4. Improved financing options available for produce farmers
Whether selling to a regional wholesaler or trucking down to the weekend farmers’ market, the ability to safely wash, package, and store any commodity produced on-farm is a critical component of nearly every fruit and vegetable farm. That’s why NSAC is excited about a recent announcement made this week by the U.S. Department of Agriculture to improve federal financing options available for cold storage and handling facilities and equipment. Read more about this new opportunity for farmers on the National Sustainable Agriculture Coalition’s blog
Policy & Action
1. Tell Congress you support the Farm to School Act of 2015
Jobs & Opportunities
1. FoodCorps, multiple positions open
is a fast-growing national nonprofit that provides a scalable response to the epidemics of childhood obesity and food insecurity, while training a new generation of leaders in the fields of food, health, education and sustainability. FoodCorps places motivated leaders in limited-resource communities for a year of public service transforming school food. Multiple administrative position are now open. Visit foodcorps.hiringthing.com
for more information.
2. Academic Specialist, MSU Center for Regional Food Systems
The Michigan State University Center for Regional Food Systems (CRFS) is accepting applications for an Academic Specialist to support existing CRFS initiatives, including the Michigan Good Food Fund. This position will provide outreach and business assistance to Michigan food businesses to increase good food access in low-income communities. This is a full-time, annual year position. Applications will be accepted until Monday, August 10, 2015, or until a suitable candidate is identified. Please read the full position description
for more details about the position and information to submit an application on the MSU Jobs Website.
3. Agricultural Marketing Specialists, Agricultural Marketing Services, USAJobs
There are up to 3 agricultural marketing specialist (research) vacancies with Agricultural Marketing Services. More about these positions can be found on USAJobs. Please note that this vacancy is limited to the first 40 applications received, and closes on Thursday, July 30. Find more information and application details here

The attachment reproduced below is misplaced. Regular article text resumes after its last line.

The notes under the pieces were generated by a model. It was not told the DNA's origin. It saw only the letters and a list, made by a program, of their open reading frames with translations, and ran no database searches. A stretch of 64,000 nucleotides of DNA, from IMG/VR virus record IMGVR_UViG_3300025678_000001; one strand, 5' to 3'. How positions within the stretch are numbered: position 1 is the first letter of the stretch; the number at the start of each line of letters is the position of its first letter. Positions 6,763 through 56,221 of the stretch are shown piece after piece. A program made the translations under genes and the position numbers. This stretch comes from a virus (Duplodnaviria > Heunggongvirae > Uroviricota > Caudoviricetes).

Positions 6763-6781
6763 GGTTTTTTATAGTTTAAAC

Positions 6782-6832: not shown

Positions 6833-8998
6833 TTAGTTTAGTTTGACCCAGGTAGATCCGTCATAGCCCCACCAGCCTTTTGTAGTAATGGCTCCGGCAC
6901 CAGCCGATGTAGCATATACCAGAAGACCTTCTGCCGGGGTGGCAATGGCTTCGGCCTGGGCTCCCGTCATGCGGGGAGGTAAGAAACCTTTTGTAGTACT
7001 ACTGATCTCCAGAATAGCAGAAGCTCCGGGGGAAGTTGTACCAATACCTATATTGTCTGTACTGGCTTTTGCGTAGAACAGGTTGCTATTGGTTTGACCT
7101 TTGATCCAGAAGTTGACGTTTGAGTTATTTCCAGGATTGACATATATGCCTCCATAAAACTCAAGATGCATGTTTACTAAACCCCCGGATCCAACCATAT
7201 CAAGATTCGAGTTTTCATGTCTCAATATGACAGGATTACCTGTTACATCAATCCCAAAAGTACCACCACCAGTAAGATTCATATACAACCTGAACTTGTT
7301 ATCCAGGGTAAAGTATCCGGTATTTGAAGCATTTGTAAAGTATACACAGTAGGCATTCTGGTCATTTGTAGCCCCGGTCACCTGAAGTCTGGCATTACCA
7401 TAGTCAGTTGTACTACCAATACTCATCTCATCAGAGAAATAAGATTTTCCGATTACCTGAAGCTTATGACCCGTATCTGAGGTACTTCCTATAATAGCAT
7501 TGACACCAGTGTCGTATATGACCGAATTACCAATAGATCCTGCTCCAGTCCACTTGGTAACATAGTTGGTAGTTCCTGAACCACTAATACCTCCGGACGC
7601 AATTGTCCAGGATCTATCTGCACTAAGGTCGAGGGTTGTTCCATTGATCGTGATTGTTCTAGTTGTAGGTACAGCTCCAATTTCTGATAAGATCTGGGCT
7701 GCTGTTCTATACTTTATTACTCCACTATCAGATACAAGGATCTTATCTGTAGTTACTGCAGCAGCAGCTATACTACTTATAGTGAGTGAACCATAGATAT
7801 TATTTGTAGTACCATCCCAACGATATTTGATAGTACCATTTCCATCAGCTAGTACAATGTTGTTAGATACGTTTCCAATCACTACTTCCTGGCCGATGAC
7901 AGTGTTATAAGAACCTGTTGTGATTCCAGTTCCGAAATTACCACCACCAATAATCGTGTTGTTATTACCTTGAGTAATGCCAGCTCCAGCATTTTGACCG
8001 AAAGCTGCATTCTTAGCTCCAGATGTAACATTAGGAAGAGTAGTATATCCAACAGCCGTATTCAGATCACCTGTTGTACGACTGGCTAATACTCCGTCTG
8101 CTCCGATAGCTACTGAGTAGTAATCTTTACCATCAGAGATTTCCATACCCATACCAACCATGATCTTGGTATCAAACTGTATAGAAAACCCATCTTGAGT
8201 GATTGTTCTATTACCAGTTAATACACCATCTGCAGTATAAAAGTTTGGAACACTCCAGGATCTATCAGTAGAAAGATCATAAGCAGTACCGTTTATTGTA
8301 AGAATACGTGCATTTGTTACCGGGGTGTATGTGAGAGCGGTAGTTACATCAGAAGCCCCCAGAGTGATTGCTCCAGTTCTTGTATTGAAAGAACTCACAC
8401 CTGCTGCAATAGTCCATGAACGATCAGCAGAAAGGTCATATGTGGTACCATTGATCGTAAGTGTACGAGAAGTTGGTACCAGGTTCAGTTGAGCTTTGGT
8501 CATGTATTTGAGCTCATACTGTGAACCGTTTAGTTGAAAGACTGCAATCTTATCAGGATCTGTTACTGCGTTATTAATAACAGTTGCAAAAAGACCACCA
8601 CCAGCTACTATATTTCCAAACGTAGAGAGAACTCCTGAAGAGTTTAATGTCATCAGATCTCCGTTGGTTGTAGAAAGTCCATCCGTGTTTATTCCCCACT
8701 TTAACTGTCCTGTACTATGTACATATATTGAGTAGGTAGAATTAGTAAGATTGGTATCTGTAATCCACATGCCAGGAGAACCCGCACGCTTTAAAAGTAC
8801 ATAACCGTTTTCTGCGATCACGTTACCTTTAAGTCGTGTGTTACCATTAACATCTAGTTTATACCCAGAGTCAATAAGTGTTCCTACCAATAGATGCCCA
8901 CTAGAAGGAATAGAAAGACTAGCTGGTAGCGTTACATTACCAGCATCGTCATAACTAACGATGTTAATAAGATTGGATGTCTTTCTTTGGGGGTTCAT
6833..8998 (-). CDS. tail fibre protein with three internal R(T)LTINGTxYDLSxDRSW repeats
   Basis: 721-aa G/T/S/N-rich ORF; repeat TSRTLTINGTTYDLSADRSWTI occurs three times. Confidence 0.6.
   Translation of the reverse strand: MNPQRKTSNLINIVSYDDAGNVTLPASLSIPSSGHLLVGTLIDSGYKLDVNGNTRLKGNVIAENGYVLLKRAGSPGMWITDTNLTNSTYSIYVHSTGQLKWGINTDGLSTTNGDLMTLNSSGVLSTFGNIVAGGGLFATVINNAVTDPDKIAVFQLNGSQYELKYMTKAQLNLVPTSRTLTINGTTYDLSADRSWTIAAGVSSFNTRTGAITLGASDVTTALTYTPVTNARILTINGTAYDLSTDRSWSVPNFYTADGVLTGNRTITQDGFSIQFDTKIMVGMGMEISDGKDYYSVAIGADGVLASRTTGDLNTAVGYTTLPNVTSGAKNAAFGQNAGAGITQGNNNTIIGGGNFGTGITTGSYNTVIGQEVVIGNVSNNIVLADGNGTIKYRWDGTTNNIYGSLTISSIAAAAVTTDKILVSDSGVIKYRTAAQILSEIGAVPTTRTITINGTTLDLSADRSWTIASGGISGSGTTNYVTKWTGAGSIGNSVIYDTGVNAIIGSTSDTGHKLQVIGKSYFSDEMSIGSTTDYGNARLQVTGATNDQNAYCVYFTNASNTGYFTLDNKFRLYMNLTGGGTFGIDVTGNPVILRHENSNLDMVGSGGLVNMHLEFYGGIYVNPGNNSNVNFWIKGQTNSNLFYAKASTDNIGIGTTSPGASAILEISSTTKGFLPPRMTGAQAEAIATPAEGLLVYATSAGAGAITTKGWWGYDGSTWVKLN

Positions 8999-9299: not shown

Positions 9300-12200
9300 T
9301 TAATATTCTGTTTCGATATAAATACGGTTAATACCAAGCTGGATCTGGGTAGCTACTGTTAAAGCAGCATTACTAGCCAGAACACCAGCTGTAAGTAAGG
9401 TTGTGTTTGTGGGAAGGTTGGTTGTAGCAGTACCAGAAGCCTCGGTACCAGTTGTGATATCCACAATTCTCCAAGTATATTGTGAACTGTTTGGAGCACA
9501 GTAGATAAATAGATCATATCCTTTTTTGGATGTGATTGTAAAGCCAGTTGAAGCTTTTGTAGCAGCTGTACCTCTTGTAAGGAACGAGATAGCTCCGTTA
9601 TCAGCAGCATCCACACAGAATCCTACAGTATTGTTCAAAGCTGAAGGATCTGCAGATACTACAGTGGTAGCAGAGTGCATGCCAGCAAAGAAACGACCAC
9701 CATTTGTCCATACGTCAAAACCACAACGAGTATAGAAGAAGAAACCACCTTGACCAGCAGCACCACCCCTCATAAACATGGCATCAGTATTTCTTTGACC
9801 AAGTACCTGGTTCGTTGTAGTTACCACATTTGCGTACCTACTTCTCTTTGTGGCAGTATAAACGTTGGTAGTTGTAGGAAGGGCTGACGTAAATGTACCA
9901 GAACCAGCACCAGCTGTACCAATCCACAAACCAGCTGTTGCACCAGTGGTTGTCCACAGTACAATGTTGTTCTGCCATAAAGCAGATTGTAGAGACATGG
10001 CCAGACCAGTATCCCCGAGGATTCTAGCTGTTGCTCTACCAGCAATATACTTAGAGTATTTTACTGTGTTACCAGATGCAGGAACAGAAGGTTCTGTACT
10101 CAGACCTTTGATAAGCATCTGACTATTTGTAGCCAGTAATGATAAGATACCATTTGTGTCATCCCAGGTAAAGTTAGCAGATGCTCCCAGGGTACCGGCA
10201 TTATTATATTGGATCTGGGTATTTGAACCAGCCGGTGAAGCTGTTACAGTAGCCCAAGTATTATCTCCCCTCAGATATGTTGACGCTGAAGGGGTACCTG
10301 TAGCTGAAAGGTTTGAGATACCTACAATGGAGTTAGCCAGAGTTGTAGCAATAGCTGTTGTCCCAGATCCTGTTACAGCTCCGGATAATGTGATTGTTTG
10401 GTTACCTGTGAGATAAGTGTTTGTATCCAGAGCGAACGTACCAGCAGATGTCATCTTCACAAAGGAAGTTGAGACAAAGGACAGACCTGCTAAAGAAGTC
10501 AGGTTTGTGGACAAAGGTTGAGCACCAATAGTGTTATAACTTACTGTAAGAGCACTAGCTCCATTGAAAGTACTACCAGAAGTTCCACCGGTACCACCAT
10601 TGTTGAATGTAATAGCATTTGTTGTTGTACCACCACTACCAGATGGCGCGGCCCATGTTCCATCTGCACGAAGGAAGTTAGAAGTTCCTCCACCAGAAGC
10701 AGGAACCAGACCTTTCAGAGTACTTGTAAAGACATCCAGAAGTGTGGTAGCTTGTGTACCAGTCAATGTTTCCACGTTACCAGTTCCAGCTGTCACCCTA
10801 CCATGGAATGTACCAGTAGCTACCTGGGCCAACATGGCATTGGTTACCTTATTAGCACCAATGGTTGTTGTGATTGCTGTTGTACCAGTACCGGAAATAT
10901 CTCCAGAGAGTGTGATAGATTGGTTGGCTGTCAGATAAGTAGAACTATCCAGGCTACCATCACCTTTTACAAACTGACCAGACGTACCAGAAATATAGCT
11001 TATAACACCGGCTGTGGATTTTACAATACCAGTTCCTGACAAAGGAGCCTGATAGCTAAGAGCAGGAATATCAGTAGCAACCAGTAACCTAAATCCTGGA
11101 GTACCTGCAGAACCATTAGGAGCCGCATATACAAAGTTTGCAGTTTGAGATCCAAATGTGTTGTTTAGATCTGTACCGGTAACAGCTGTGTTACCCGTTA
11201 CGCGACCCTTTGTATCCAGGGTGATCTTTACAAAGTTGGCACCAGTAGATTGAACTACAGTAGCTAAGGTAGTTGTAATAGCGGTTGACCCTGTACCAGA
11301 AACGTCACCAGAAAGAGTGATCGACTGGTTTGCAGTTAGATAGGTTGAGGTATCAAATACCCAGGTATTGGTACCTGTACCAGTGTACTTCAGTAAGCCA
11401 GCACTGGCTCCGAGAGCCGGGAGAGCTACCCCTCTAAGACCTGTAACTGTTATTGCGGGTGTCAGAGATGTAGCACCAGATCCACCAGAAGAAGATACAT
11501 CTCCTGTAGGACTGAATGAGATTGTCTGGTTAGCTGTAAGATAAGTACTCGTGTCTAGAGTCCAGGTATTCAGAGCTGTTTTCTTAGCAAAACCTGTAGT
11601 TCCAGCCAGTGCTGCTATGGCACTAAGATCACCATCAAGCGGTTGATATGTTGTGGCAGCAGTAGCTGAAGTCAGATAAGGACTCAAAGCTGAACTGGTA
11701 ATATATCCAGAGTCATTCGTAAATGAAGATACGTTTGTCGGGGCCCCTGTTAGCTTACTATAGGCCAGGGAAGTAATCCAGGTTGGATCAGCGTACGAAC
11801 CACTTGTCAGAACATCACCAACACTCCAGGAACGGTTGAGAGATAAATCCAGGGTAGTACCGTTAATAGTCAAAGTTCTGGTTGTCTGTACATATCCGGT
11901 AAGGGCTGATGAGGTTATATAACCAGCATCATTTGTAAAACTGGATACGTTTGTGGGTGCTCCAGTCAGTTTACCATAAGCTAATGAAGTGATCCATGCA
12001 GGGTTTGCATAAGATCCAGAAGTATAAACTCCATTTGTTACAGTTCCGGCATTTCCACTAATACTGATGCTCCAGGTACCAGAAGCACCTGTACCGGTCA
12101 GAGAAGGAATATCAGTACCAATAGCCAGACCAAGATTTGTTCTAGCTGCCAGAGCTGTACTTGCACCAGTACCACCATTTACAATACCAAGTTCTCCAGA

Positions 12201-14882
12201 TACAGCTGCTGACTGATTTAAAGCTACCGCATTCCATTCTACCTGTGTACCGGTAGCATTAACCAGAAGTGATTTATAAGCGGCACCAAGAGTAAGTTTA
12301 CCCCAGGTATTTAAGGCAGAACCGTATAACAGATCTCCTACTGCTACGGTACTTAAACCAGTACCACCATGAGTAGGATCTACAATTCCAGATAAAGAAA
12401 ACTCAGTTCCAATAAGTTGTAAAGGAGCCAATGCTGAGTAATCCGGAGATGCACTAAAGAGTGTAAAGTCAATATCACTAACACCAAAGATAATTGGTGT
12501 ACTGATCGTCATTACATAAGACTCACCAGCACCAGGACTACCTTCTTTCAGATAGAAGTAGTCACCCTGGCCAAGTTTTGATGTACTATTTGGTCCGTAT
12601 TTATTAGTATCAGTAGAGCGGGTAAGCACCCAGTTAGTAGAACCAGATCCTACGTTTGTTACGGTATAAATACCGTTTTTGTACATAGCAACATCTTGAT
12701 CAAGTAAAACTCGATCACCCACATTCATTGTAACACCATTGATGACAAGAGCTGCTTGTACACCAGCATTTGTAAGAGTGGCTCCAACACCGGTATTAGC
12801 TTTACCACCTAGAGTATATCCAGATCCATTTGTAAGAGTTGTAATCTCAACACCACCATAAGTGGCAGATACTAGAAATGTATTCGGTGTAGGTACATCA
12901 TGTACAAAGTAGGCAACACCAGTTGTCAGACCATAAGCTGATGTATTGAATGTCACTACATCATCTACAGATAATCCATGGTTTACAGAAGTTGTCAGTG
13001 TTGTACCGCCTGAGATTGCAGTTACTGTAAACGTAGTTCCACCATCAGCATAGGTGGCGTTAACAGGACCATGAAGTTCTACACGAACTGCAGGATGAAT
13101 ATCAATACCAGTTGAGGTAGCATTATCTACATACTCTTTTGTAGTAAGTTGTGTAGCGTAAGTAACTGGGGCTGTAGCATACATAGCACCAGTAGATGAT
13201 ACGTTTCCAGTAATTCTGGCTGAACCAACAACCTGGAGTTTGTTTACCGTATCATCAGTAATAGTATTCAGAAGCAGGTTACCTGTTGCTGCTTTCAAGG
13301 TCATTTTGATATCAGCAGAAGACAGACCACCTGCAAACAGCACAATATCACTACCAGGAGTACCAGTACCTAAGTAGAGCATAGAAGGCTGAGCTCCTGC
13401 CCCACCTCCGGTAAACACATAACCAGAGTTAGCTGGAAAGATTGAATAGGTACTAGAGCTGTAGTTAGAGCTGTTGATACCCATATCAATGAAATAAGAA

Farm to school in the news
School garden becomes summer hub for lessons on farming, healthy foods
This acre-sized school garden in Oregon fuels a school's cafeteria and surrounding community, and acts as an outdoor classroom. This summer, the garden is a hub for camps teaching kids more about where food comes from. (via The Oregonian
Local food is growing business in New York
Farm to school programs are helping grow local business in New York. In the state, there are over 2,944 schools spending more than $40 million on local food. These numbers show that not only is the local food movement alive and well, it is growing up and becoming an established part of the broader marketplace. (via Niagara Gazette
“Gardening is not just about planting the seed,” Alison Duncan says. “The students learn lots of other lessons. They learn to work as a team, and senior gardeners work with younger gardeners and learn leadership skills.” Read more about the lessons students in North Carolina are learning in their school garden. (via Winston-Salem Monthly
Read past editions of This Week for more funding opportunities, webinars and events, jobs, and ways to take action to support farm to school growth across the country.